Mapping and Data Pollution

You’ve seen this problem when using a GPS device on a highway.  You may be on the same road for 50 miles, but the system keeps changing the name of the road.  “In one mile, go straight on Officer Sanchez Highway.”  Then, 5 minutes later, “In 1/2 mile, go straight on Save the Fruit Bat Turnpike,” and you’ve been on Highway 15 the whole time.

Sometimes the names are legacy names that identify roads that were combined into your highway.  Other times they are honorific names assigned by politicians who thought they’d found a nearly free way to capture public sentiment or grant a favor.  But your GPS keeps hinting at the confusion and distraction caused by polluted map data.

The other night, within a beer of my legal driving limit, I called an Uber cab to get me home.  Pulled out the phone, entered the address (e.g., 2000 Main Street), checked it twice and then requested a car. 

About a minute later Dennis called, asking where I really wanted to be picked up.  He said Uber had sent him an address that just didn’t exist in the city (e.g., 2000 Mother Theresa Highway – yeah, this is a made-up example name, but the story’s true ).  I told Dennis Main Street, he picked me up and as he drove me back he told me that 20-30% of Uber pickup addresses are wrong, screwed up by the system and not the requestors.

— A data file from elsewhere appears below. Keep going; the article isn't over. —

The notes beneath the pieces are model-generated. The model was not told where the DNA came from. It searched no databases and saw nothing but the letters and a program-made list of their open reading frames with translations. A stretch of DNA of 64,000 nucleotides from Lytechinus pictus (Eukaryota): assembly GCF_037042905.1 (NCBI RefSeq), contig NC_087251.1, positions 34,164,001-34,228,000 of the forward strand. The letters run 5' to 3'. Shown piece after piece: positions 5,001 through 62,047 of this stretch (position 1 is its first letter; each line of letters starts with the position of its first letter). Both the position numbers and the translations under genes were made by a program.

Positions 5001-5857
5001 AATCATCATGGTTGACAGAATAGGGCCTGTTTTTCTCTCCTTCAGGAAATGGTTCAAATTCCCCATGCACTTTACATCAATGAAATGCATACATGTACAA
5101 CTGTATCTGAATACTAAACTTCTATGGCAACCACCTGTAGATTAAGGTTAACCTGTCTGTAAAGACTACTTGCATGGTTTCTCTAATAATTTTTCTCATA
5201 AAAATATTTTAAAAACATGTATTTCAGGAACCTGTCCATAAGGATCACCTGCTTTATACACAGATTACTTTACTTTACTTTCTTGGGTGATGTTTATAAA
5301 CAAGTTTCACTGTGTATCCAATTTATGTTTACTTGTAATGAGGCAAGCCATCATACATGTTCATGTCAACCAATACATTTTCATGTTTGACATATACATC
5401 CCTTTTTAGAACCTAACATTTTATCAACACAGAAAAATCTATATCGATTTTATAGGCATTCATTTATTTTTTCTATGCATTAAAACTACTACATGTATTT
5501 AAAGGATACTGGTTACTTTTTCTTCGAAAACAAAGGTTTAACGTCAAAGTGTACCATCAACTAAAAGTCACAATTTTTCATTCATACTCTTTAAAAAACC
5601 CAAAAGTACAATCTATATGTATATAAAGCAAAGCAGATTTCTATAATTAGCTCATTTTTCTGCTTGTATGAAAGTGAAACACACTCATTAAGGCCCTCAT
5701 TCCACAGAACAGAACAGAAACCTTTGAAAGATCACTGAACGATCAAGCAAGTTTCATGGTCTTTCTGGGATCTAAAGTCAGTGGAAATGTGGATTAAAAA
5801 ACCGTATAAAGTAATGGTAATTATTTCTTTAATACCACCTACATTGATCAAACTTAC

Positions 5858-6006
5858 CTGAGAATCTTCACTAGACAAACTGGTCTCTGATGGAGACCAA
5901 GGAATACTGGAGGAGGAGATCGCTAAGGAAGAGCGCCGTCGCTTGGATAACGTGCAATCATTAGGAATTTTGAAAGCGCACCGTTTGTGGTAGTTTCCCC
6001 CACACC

The next day I looked up 2000 Mother Theresa Highway, the address Dennis had received.  Google Maps pinpointed it at 2000 Main Street.  There was no Mother Theresa Highway anywhere close.  It turns out that Mother Theresa Highway is an overlay name for Main Street, and nobody has known it as Mother Theresa Highway for at least 50 years.  But the public records haven’t been cleaned up, so Google  Maps is polluted, and until it is cleaned up taxi drivers will keep going to wrong addresses or having to manually verify pickup points identified by the place that organizes the world’s information.


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